Archive - Oct 2012 - News Article
Residents at Valley City‚Äôs Open Door Center have been making Pride of Dakota products since the beginning of this year, and the demand for them just keeps increasing.
In January, the ODC purchased the Thunderbird Ranch Gourmet Foods line and moved it from a small western North Dakota town called Ray to Valley City.
ODC residents produce 29 Pride of Dakota food products that are sold online, at various Pride of Dakota shows, and in various retailers across the Midwest as well as in the Eagle‚Äôs Nest Bookstore.
Special to the Times-Record
Paul and Eugene Komrosky are in Valley City‚Äôs Mercy Hospital after being injured in an explosion that destroyed Paul‚Äôs house on 101st Avenue Southeast in the Eckelson area Tuesday, said Eugene‚Äôs wife, Hilma Komrosky.
She said Paul is in the intensive care unit, and Eugene is in a regular room. ‚ÄúThey both received second-degree burns ‚Äď very painful,‚ÄĚ Hilma said.
Hilma said two Komrosky families were living in the residence at the time of the explosion ‚Äď Paul and Jason Komrosky, and Jason‚Äôs wife, Laura.
The Valley City Police Department is asking for information from possible witnesses to a hit and run that left a Valley City woman injured on Tuesday morning.
Tonya Bennett, co-owner of the Another Time restaurant on the southwest corner of Fifth Avenue and West Main Street, reported a regular customer had been hit by a young, female driver around 11 a.m. on Tuesday morning.
‚ÄúShe came in and said that a black pickup with a young girl came speeding around the corner and she (the driver) had earphones in, hit her, and kept going,‚ÄĚ Bennett said.
‚ÄúBuyers remorse‚ÄĚ took on a whole new level in the case of one Oregon homeowner who is drawing national attention to a problem his family found themselves in.
Jonathan Hankins, of Klamath Falls, Ore., started a petition on Change.org that has gathered nation-wide support when he and his family began experiencing health problems after purchasing their new home. The suffering started with dry mouths and mouth sores, then Hankins started having sinus headaches and nosebleeds.
People who need help paying heating bills this winter may be eligible for assistance through the North Dakota Department of Human Services.
Barnes County Social Services began accepting applications for the Low Income Home Energy Assistance Program (LIHEAP) on Oct. 1. LIHEAP is a federally funded program administered through the state.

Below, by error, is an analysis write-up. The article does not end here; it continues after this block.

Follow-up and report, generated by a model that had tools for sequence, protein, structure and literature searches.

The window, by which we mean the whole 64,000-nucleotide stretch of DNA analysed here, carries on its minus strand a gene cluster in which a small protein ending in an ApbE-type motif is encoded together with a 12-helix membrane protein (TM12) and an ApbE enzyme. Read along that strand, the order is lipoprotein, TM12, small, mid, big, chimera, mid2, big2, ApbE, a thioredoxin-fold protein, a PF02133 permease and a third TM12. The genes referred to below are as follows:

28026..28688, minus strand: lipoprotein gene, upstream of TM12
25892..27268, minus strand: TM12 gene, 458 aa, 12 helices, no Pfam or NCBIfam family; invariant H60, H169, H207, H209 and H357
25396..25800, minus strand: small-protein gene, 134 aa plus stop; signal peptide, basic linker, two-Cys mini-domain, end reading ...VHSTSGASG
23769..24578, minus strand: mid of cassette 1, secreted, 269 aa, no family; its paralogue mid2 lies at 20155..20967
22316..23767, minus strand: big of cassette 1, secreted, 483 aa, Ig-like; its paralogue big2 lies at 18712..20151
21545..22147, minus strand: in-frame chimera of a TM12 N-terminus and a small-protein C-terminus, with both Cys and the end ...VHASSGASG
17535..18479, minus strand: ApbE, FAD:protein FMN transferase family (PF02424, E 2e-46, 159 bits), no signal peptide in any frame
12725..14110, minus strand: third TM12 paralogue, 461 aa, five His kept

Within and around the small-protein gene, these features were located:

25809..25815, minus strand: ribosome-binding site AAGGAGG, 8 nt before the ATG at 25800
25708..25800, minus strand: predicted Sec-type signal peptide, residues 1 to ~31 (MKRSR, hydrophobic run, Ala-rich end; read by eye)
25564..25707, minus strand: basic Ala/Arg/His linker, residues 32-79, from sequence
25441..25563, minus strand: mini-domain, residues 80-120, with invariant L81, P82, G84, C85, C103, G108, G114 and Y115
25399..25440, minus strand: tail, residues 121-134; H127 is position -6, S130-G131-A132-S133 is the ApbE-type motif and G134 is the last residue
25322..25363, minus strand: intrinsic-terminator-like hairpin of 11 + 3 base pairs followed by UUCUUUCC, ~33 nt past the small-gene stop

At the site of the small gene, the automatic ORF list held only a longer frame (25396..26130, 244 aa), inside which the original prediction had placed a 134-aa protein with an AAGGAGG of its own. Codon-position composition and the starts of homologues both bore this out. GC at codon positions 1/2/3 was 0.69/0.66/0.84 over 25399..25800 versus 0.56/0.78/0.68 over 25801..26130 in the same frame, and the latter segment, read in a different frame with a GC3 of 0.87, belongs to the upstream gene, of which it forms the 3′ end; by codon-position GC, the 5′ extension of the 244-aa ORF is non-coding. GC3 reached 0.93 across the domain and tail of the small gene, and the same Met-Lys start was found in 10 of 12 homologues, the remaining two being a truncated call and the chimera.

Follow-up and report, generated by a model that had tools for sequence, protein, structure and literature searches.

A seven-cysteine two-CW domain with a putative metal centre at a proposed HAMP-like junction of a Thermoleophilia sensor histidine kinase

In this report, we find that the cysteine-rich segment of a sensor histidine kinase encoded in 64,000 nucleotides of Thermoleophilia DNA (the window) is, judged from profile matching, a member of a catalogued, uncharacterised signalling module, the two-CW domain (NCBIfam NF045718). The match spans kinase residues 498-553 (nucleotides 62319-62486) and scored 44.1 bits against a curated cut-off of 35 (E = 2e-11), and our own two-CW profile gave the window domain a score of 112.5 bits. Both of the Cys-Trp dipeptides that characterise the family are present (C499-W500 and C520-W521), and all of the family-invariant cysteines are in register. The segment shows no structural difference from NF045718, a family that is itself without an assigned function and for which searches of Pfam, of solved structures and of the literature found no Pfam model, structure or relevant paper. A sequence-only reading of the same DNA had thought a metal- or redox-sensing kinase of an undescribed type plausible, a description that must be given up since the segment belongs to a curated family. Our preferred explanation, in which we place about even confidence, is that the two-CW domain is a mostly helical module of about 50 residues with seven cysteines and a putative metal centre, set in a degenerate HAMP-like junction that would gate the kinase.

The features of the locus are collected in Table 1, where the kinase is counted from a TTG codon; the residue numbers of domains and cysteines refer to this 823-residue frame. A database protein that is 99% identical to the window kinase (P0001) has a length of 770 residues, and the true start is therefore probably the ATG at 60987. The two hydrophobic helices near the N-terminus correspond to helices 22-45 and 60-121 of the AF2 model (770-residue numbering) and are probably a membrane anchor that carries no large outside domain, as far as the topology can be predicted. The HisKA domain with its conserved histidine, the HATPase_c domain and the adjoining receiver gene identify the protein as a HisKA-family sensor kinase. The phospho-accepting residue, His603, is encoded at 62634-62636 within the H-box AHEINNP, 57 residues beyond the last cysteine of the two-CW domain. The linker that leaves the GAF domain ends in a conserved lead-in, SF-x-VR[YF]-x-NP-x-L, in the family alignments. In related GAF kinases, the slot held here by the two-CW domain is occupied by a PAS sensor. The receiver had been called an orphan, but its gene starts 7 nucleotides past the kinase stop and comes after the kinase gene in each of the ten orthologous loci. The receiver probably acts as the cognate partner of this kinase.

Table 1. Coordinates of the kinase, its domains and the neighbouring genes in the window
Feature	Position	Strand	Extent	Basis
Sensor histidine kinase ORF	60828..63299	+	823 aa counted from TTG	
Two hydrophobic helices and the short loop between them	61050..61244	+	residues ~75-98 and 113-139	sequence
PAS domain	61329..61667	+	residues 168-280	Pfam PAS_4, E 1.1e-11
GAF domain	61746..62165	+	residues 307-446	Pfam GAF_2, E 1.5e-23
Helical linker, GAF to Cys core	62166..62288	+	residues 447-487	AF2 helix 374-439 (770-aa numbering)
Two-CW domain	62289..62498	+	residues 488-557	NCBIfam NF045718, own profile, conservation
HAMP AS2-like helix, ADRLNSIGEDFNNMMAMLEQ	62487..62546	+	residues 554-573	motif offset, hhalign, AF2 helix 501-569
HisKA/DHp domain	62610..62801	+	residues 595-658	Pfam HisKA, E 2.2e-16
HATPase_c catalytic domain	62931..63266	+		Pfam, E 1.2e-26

On Tuesday, Mari Quittschreiber at Social Services said so far about 100 people have signed up for the program.
‚ÄúWe‚Äôve probably had less people applying now than last year at this time,‚ÄĚ Quittschreiber said.
Money raised from Litchville‚Äôs Annual Pie and Pickin‚Äô social will be used to help deal with a $5,000 milk bill left unpaid when Litchville Enterprises, which owned the town‚Äôs grocery store, closed down, said Arlene Andrus Monday.
To help, the Oct. 13 monthly Valley City Bluegrass Jam has been moved to Litchville, and will take place with the social.
Andrus, who‚Äôs leading the effort, was a stockholder and former Litchville Enterprises board member.
Glenda‚Äôs Beauty Salon is still a buzzing and well-known salon in Valley City, but the owner, Glenda Sherman, has not worked there for a couple years due to a hand injury. Sherman now rents out four of the stations in her shop to individual stylists. Although she‚Äôs been retired for a couple years, she‚Äôll be officially celebrating with an open house later this month.
‚ÄúI‚Äôve had two shops in Valley,‚ÄĚ Sherman said of her lifelong career as a hairdresser.
Valley City Public School Administrators are developing a survey for parents, students, staff and possibly the general public to garner input on how the schools operate.
On Monday, schools superintendent Dean Koppelman said administrators would meet Tuesday to discuss the particulars of the survey, which will be opened roughly in the first week of November to coincide with parent-teacher conferences.
The Valley City State University Planetarium is celebrating its 20th birthday this year and only has a few shows left before campus construction puts it into a nine-month hiatus. In the meantime the university is hoping the planetarium can rekindle some old friendships and start some new ones.
‚ÄúFriends of the Planetarium‚ÄĚ donate money to help the planetarium operate. Barnes County Museum Curator Wes Anderson teaches a physics course, ‚ÄúPlanetarium Science,‚ÄĚ at VCSU and his students put together a new program every year.